The original theatrical release included a soundtrack from James Brown. Presumably because of rights issue, the DVD replaces this score with generic funk tunes, including a rather obvious instrumental version of the “Coffy” theme. Luckily, Brown's songs are available separately. They aren't as good as Billy Preston's theme song for the original “Slaughter” or Brown's music for “Black Caesar.” However, Brown's music is still pretty great, especially the title song and the verbosely entitled “People Get Up and Drive Your Funky Soul.” As for “Slaughter's Big Rip-Off,” it's not quite as effortlessly entertaining as Jim Brown's previous outing as the hero. The sequel is still full of awesome action scenes and still exploits Brown's considerable screen presence to great effect. [7/10]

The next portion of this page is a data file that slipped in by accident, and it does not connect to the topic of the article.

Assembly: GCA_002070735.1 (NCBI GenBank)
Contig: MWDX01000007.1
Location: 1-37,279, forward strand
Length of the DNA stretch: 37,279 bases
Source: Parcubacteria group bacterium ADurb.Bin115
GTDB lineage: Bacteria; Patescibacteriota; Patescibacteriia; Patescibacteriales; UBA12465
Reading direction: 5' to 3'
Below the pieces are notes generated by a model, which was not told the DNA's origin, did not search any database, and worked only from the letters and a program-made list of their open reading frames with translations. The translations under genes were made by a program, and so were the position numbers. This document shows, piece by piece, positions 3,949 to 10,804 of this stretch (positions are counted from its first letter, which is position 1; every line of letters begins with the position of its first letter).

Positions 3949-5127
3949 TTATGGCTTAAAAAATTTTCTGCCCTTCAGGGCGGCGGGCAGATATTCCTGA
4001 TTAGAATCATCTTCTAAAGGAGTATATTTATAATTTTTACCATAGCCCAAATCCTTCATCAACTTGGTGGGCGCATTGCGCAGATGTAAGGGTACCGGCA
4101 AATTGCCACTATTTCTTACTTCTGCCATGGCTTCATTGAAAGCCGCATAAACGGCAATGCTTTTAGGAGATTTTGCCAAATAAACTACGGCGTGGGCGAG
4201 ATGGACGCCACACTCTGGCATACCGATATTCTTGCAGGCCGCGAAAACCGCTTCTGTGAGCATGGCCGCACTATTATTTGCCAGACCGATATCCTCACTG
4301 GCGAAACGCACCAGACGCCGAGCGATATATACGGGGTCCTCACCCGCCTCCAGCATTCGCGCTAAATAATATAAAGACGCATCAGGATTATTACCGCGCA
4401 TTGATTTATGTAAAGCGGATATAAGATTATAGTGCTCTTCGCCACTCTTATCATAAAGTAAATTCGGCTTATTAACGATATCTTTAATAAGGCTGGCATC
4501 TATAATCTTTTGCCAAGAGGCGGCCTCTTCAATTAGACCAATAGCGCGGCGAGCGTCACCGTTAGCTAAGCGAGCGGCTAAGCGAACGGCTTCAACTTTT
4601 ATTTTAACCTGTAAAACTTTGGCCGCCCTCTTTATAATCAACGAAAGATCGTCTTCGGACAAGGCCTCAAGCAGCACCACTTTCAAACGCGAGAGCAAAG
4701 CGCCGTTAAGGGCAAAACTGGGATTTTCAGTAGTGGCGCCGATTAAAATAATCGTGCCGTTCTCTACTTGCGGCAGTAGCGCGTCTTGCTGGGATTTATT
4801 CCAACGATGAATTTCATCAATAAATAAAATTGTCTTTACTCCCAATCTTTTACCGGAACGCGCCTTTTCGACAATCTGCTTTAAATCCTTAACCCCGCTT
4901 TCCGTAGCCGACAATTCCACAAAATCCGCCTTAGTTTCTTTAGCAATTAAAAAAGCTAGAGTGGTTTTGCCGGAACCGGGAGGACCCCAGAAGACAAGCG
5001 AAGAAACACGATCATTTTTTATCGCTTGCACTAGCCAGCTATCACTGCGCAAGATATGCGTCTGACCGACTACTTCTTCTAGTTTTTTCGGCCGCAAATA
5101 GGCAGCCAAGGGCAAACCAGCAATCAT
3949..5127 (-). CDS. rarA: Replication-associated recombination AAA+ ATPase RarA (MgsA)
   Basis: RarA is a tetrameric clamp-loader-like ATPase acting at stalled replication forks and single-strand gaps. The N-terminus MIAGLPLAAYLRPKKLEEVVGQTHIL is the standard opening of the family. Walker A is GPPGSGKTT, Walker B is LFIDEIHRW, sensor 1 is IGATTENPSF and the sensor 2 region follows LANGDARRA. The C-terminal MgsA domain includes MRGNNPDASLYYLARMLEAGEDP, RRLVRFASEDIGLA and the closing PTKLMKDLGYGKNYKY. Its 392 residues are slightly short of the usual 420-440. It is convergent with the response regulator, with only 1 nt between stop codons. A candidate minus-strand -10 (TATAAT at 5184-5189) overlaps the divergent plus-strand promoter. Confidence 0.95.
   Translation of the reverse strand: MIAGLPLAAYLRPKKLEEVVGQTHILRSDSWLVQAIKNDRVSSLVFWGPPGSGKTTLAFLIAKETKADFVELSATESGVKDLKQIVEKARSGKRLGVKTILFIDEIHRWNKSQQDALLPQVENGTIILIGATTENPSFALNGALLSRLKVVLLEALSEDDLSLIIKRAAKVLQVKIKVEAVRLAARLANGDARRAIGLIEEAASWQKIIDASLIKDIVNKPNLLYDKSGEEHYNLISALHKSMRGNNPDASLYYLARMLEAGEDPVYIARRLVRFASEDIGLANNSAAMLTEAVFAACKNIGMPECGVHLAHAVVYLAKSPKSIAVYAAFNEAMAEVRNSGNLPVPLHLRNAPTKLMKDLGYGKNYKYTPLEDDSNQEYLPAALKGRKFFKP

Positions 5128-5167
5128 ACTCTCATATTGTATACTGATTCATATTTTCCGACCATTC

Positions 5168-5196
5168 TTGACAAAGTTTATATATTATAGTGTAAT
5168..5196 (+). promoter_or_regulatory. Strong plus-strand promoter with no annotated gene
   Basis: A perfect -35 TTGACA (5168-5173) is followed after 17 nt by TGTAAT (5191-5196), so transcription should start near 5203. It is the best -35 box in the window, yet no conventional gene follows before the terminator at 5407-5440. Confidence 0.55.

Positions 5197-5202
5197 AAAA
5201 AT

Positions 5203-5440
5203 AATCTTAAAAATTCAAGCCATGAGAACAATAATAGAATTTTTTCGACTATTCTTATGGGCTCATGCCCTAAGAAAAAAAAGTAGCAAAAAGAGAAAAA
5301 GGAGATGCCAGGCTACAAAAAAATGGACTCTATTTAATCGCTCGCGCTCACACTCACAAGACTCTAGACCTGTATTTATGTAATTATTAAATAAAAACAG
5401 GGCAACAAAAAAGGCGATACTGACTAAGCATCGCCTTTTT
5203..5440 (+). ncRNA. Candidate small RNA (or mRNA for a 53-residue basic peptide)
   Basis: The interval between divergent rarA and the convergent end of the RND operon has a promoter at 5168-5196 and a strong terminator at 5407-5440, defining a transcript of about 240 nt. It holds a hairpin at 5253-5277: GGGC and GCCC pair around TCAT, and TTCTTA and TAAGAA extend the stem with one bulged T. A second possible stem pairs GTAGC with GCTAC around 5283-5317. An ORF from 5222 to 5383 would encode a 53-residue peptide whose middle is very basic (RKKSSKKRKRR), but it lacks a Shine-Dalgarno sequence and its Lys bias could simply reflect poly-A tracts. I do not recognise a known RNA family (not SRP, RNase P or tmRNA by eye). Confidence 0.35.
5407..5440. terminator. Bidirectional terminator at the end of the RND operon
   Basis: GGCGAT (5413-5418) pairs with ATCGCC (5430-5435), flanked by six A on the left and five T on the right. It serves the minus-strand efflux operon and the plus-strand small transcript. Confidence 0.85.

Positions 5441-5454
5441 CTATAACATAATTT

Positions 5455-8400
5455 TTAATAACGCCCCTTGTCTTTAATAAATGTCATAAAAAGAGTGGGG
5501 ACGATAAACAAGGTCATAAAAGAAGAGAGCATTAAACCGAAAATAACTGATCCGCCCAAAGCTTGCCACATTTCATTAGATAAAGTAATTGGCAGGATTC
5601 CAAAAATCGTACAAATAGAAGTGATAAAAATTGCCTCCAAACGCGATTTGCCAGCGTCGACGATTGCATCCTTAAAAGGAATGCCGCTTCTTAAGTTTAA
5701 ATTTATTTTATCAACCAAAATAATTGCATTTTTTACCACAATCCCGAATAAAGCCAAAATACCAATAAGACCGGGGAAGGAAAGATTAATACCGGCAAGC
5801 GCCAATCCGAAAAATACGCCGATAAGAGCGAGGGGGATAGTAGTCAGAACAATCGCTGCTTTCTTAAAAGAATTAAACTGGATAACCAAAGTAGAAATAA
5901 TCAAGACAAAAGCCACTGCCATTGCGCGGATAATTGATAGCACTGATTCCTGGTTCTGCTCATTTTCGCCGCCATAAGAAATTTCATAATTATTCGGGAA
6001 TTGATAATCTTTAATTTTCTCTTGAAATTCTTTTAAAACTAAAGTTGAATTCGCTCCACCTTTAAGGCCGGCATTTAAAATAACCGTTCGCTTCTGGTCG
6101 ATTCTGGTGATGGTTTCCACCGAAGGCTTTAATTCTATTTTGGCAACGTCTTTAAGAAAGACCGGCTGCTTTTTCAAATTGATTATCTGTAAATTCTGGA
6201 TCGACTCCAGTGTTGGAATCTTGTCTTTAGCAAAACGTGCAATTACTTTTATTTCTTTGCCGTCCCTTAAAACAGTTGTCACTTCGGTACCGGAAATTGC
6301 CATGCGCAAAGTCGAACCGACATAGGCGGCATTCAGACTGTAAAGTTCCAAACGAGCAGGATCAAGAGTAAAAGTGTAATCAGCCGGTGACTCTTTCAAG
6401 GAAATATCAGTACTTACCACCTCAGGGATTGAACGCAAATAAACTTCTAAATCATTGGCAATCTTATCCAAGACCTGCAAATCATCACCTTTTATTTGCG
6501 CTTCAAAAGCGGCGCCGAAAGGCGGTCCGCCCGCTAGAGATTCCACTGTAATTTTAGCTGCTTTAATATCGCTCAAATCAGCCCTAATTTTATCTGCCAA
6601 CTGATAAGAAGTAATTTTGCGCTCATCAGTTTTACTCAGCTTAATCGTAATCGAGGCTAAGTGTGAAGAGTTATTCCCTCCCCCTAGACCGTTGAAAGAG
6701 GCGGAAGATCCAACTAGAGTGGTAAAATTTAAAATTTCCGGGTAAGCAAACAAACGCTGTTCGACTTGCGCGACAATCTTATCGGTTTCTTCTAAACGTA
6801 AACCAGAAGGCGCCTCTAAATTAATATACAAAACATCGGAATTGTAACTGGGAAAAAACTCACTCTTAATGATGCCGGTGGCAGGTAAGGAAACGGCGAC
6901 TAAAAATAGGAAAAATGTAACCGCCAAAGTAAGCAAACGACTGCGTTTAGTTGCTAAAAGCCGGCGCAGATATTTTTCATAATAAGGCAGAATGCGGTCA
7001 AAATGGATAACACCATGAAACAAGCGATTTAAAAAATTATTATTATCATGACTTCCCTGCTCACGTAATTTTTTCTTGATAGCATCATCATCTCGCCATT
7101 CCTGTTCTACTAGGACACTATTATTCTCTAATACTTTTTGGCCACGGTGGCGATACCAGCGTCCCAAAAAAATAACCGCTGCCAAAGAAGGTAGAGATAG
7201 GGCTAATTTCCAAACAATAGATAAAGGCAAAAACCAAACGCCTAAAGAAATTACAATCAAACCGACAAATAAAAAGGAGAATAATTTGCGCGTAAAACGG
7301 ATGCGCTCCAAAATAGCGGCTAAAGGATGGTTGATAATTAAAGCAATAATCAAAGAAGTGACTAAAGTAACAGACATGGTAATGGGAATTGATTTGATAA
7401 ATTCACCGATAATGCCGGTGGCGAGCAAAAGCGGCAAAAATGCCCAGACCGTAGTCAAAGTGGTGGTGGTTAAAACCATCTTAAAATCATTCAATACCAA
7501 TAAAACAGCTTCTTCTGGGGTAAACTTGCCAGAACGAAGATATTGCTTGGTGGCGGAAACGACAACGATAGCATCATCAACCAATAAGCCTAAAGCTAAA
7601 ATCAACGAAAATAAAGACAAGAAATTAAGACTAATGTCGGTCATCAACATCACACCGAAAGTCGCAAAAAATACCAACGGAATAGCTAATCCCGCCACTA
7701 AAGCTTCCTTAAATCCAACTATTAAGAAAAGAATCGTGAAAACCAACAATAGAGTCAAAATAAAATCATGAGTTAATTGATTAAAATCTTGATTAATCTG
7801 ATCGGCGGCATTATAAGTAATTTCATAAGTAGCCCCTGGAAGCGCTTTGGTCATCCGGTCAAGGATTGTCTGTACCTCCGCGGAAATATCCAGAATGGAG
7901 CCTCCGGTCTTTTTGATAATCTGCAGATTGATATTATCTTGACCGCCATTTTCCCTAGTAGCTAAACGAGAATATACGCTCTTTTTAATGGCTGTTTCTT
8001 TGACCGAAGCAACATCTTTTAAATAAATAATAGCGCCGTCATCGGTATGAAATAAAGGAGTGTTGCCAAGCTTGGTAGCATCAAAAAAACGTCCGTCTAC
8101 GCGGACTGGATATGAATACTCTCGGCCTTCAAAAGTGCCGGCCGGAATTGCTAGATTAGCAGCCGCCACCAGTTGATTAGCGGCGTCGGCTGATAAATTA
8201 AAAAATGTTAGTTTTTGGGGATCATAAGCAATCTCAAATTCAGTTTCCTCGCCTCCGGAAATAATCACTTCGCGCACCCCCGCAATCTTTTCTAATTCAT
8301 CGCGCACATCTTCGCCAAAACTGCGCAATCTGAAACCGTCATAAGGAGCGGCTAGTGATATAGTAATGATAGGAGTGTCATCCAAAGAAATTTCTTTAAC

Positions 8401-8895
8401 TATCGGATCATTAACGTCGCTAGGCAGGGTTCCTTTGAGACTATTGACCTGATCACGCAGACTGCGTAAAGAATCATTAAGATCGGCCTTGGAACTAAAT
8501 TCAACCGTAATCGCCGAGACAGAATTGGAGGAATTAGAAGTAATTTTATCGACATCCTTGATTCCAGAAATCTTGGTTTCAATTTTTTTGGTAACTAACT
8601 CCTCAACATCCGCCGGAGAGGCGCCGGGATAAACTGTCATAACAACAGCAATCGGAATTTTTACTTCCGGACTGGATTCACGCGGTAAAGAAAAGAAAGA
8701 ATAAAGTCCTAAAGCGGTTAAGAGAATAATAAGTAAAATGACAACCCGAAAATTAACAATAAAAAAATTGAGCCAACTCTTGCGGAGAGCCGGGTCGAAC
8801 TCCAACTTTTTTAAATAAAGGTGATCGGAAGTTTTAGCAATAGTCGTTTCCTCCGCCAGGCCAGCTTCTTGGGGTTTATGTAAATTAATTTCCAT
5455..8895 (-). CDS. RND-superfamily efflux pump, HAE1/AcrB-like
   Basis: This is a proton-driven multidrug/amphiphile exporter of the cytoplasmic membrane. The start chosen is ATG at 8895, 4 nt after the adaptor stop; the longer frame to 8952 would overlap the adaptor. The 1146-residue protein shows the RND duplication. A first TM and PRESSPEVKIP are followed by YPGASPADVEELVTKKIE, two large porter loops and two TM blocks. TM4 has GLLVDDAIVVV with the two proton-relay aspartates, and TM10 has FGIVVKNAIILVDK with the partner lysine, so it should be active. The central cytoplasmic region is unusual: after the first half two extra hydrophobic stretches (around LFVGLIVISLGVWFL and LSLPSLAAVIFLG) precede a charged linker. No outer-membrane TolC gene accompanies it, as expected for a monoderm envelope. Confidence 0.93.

[X] Afros or Sideburns
[X] Brothels or Pimps
[] Churches or Pastors
[X] Funky Soundtrack
[] Homophobic Caricatures
[X] Inner-City Setting
[X] Night Club Act
[X] Plot Involving Drugs or Organized Crime
[X] Racist Authority Figures
[X] Sticking It to the Man
[X] Sweet Love Makin'
[X] Use of Street Slang